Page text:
Monday, October 28, 2013

Triple Shot (A/K/A Drake's been lazy)

So sue me, my mind has been elsewhere lately, like my training and work schedule (got a shoot coming up awfully soon). It's my goal to bring a whole new Drake look to the next shoot because I'm sure that's what you want. To do that, I have to really focus and dedicate my time and effort, so the blog and my plan fell by the wayside.

One of the things my mind was on also was a rare chance encounter with the one and only, my wrestling God (and future victim :) ) Aryx Motherfucking Quinn. A post exclusively dedicated to him (and my weird range of feelings about him) will be forthcoming. But know this, I spoke with him today and he is in the best shape or his life. Will be awesome to see him on the mats or in the ring again...whenever that may be.
Bard has Kid Karisma...I have Aryx Quinn

Coming up at #7 on this list today is the French splatterpunk flick that put director Alexandre Aja on the horror map: Haute Tension (translated High Tension).

Alexandre Aja is a genre director (sometimes that's a good thing, sometimes not so much) that has consistently delivered for his fans. He's known for taking properties (Piranha, The Hills Have Eyes) and injecting them with some modern twists and buckets upon buckets of blood and carving his own path with the original material.

That being said, the downside to his work is that none of it is entirely original. Even this film I'm reviewing has been said to be an "unauthorized adaptation of Dean Koontz' Intensity" (Wikipedia)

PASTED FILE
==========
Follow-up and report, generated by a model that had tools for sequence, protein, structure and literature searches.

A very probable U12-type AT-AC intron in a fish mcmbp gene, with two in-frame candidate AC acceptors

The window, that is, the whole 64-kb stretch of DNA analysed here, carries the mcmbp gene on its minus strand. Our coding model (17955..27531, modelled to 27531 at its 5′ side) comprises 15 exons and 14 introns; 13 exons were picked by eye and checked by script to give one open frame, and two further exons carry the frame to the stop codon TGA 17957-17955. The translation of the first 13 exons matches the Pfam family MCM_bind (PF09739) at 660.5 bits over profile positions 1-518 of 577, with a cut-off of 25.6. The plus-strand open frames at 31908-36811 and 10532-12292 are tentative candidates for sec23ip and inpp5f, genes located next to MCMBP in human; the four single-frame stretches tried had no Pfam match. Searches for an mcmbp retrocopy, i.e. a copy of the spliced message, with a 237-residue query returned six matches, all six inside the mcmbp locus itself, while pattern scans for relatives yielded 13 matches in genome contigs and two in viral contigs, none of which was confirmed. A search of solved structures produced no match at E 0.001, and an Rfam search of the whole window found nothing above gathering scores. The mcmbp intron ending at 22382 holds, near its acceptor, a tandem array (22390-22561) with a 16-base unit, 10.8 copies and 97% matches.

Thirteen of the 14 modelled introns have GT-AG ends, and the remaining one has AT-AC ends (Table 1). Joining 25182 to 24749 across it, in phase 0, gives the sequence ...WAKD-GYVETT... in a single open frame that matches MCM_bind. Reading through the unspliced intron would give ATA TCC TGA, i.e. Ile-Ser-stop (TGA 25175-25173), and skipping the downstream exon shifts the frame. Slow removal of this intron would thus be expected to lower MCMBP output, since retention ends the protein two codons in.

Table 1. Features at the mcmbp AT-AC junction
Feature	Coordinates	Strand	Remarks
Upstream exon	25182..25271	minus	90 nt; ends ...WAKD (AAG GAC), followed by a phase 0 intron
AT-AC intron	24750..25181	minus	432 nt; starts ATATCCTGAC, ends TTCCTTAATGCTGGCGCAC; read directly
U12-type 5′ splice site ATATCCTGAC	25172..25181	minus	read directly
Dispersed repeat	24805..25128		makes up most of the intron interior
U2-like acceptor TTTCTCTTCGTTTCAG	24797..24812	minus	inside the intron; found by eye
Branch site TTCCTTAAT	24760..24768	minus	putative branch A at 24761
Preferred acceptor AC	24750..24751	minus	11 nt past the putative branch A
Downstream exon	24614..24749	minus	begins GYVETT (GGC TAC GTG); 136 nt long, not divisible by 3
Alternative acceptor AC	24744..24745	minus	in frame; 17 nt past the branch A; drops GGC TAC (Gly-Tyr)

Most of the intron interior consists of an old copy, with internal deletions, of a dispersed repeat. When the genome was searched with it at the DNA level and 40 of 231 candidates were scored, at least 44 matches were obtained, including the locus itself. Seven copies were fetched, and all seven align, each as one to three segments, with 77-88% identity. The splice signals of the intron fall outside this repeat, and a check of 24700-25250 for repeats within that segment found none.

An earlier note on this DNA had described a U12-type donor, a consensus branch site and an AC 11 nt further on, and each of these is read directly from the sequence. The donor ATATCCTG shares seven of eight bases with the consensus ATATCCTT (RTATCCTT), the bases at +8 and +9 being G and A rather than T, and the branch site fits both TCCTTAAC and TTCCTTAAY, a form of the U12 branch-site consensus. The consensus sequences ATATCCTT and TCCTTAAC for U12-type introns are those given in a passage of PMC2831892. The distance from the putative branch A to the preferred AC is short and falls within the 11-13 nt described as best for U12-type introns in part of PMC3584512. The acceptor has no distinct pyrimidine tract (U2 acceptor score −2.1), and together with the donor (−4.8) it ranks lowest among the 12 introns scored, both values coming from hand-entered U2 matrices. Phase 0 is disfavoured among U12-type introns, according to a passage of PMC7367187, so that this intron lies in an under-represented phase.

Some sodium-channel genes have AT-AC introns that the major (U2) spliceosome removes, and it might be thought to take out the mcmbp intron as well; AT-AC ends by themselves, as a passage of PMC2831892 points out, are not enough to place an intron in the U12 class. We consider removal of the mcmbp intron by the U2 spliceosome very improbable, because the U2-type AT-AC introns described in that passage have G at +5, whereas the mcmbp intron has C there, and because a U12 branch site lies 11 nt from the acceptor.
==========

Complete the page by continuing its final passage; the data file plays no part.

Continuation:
However, since I'm reviewing 3 films in this update, I'll keep these as short as humanly possible.

Two young girls (Marie and Alex) go on a holiday to visit Alex's family and to study. The girls are best friends and throughout the film's duration, you get the feeling that Marie's feelings for Alex run a little deeper than friendship.

As the family battens down the hatches for the night, a grizzly man shows up, rousing Alex's father and slitting his throat and then systematically works his way through the house, isolating each and every member of the family and offing them in terribly gruesome ways.

All except for Alex, whom he kidnaps, and Marie (who is able to hide from him, yet is being forced to watch each and every awful murder).

As the man attempts to make his getaway with Alex, Marie manages to stowaway on his truck and soon begins a battle with the man to save her best friend's life.

Marie's intensity as she chases down the man who has caused so much misery, the narrowed eyes as she pours all her hatred into taking down this man is completely unnerving.

The movie crescendos in a crazy bloodbath executed by a fucking concrete saw and a mind fuck of a reveal of the killer's identity and motive.